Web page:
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Re: no power uphill
"Loss in power" usually means that the combustion chamber in your cars engine is full of carbon. That is left behind because of the unburned fuel. With that type of problem, fuel responses will be slower, poor acceleration, lower rpm, etc. You may overhaul your engine for them to clean the carbon manually, but it'll be expensive and could lead to "loose compression". That means the engine won't be as powerful or responsive as before.
The best way would be to have a carbon ridding solution injected into the engine. The solution will liquify the carbon and other build-ups, which would then restore the "power" of your car. You'll get better acceleration, higher rpm and top speed, etc. have a mechanic do it for you. It's alot cheaper and faster than having the engined overhauled.
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try the fuel filter first - fuel pumps usually either run or they don't - no intermittent sputtering - also if there is debris in the fuel tank, it will clog the fuel strainer and block the fuel supply when going uphill - so if you do change the fuel pump, clean out the tank
There are 88 model Chevy Trucks that still had a mechanical fuel pump and a carburetor, as well as being fuel injected with a electric pump in the fuel tank.
On a carbureted vehicle, that would indicate float adjustment problems in the carburetor - too little fuel, or, a plugged up filter attached to the pick-up tube in the fuel tank. There would be significant sediment in the pick-up area inside the tank based upon the age of your truck.
On a fuel injected vehicle, I would suspect that either the pump is weak, limiting the amount of fuel available under a strain, or, that the strainer in the fuel tank is somewhat plugged and that there is sediment in the containing area where it sits that shifts as you go uphill. You wouldn't notice downhill as the fuel requirement is less.
I would consider replacing the the entire fuel pump assy with a new pump filter included. Just replace the filter for the truck with a carburetor. In both, remove any sediment when you're inside the tank.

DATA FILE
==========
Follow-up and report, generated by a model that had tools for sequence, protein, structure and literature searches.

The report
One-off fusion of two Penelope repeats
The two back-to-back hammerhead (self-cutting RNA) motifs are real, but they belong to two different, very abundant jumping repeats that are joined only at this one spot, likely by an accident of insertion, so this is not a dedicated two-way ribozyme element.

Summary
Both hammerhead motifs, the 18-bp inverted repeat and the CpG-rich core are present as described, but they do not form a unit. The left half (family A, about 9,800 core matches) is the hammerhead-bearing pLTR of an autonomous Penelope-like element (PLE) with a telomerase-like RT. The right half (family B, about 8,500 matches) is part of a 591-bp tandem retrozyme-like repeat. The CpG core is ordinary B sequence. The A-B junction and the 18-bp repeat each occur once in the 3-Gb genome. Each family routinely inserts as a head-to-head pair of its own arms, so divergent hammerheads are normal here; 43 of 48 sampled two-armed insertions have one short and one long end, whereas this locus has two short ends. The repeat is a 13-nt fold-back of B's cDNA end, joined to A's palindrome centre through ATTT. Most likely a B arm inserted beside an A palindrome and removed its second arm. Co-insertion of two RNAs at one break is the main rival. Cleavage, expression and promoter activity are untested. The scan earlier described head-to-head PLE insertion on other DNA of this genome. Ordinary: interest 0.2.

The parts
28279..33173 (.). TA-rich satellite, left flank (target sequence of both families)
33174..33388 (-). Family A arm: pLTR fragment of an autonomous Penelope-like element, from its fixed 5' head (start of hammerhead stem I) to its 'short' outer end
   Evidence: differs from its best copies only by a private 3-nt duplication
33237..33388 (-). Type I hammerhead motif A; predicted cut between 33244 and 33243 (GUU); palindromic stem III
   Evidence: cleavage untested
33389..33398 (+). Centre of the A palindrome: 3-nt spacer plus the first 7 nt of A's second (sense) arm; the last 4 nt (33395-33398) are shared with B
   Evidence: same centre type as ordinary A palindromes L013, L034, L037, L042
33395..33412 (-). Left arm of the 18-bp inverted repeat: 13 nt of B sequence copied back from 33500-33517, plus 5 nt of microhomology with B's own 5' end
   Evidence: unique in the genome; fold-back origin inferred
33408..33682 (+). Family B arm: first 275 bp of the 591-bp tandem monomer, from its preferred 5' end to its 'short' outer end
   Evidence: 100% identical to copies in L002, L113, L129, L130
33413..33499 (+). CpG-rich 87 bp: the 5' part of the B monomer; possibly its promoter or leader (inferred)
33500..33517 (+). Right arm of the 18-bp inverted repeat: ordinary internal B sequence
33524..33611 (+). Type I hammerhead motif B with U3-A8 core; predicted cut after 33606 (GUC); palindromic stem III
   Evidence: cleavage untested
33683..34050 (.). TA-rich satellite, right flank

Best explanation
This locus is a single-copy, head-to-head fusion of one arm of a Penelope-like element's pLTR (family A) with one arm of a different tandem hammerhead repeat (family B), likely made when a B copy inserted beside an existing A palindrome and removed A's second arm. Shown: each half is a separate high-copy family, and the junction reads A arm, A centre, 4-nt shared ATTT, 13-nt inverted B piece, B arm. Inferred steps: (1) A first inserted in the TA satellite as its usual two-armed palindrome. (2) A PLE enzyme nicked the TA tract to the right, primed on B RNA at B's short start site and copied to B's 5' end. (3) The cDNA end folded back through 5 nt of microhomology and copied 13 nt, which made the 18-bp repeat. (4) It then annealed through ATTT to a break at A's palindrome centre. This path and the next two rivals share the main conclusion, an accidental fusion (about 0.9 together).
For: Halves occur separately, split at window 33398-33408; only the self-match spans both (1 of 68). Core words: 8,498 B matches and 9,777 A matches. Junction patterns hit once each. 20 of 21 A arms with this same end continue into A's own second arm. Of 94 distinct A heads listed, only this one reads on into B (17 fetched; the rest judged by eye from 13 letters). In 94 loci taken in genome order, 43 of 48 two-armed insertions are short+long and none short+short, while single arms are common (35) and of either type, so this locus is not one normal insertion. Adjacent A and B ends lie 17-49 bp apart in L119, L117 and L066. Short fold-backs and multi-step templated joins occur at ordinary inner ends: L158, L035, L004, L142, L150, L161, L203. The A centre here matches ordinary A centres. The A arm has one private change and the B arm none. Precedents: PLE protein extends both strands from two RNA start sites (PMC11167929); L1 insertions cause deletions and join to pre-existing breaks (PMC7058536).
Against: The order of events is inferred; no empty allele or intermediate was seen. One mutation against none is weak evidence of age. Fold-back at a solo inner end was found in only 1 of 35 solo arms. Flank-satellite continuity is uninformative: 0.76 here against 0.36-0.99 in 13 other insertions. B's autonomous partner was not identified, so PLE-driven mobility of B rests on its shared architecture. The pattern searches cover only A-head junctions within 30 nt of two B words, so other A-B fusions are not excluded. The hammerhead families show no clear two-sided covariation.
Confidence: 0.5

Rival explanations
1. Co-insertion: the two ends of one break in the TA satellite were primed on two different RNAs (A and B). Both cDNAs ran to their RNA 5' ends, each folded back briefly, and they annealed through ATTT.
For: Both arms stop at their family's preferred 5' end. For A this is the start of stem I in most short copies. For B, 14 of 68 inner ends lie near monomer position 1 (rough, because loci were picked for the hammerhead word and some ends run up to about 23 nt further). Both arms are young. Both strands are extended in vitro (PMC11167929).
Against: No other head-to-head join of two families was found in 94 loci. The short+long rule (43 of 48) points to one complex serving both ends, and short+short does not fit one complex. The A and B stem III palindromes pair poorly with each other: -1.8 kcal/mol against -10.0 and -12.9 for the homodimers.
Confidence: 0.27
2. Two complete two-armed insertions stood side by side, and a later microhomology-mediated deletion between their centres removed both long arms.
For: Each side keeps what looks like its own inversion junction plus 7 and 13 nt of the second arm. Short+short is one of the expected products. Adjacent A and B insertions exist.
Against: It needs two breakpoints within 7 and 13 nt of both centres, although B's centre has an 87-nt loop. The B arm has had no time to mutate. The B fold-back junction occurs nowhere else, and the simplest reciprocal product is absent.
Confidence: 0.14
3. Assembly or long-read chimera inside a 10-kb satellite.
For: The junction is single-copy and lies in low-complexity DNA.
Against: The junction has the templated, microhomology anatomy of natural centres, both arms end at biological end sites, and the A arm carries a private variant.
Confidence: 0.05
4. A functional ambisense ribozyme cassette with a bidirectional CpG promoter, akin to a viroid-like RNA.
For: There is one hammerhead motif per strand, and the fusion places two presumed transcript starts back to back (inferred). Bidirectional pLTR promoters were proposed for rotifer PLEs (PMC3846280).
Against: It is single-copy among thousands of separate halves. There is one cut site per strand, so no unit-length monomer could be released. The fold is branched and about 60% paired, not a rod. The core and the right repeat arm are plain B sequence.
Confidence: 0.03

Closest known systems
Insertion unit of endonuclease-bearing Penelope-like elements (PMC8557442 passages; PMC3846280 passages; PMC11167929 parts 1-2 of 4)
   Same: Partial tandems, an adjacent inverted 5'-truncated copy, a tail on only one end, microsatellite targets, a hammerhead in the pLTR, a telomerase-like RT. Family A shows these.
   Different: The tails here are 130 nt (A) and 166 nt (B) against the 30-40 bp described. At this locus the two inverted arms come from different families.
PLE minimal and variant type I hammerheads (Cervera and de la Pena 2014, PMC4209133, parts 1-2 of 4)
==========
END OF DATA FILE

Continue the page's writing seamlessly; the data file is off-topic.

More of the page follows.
This is based upon no other problems such as a vacuum hose leak, plug wires not secured shifting as you go uphill and grounding, etc.
Your excellent description provides a very short list of possible culprits, since your vehicle's symptoms all appear during periods of higher fuel demand.
(1) fuel filter - clogged - your description is absolutely classic (especially stumbling upon uphill acceleration) for a fuel filter in need of replacement. (2) spark plug wire - one or more bad - an engine can muddle along while traveling over level terrain with one cylinder intermittently failing to fire, but try to go uphill (even the slightest grade), and the engine will skip badly and can even stall if asked to accelerate. (3) in-tank fuel strainer - clogged - same symptoms as clogged fuel filter.
The fuel strainer is a sock-like pre-filter attached to the input side of the in-tank fuel pump.
The troubleshooting section of the 1998 Honda Civic EX manual states:
Priority Action Part Type Cause 1 Inspect Throttle Position Sensor - Faulty or Incorrectly Connected Throttle Position Sensor. 2 Inspect Mass Air Flow Sensor - Damaged, Loose, or Faulty Mass Air Flow Sensor or Circuit. 3 Inspect Choke - Stuck or Improperly Functioning Choke. 4 Inspect Air Cleaner Tempature Sensor - Damaged or Faulty Air Cleaner Tempature Sensor. 5 Inspect Fuel Filter - Clogged or Dirty Fuel Filter. 6 Inspect PCV Valve - Plugged or Damaged PCV Valve. 7 Inspect Carburetor - Worn, Faulty or Damaged Carburetor. 8 Inspect Fuel Injector - Dirty or Worn Fuel Injectors. 9 Inspect Hose (PCV) - Clogged or Collapsed PCV Hoses. 10 Inspect Fuel Pump - Faulty Fuel Pump. 11 Inspect Fuel Pump - Low Fuel Pressure.
Here's a YouTube video describing hoe to replace a fuel filter on a 2000 Honda Civic (the closest I could find for your 1998).
sounds like the bearings in your fuel pump are going. These bearing are undoubtedly not replaceable without replacing the entire fuel pump.
Fix: replace fuel pump. Difficulty of fix: moderately advanced. You have to jack up car, drain the tank at the fuel tank drain
and then disconnect fuel lines (3), unbolt the (always rusty) bolts holding the tank, then go at the fuel pump replacement procedure, remembering to replace the fuel pump gasket.
If your car has a hatch in the top of the tank for fuel pump replacement (Hondas do), then use that access to get to the part - otherwise pull the gas tank and replace it that way, While you're in there, replace fuel filter(s) and strainer too (as a matter of course).
If the problem were clogged fuel filter, you'd experience loss of power going uphill, and it would not be able to made to "come back" by mashing on the gas pedal.
check fuel filter. it is starving for fuel. unless the fuel pump is bad. check filter first, then go from there. symtoms of a bad coolant sensor--poor cold idle, stalling, rich mixture retarded timing, slow idle speed, cold hesitation or stumble, poor fuel milage.
Have the exhaust back ptessure chk'd for a bad cat converter. Make sure you have fresh fuel and the ck the mass air flow densor in the intake ducting. Wash it off withCRC electrical srap. Was thorouhly but do not brush or rub the sensor or touch it. It is vrty fragile and very expensuve to replace. Do not use compressed air. It will dry on its own. Make sure your air filter is clean. Good luck, Ned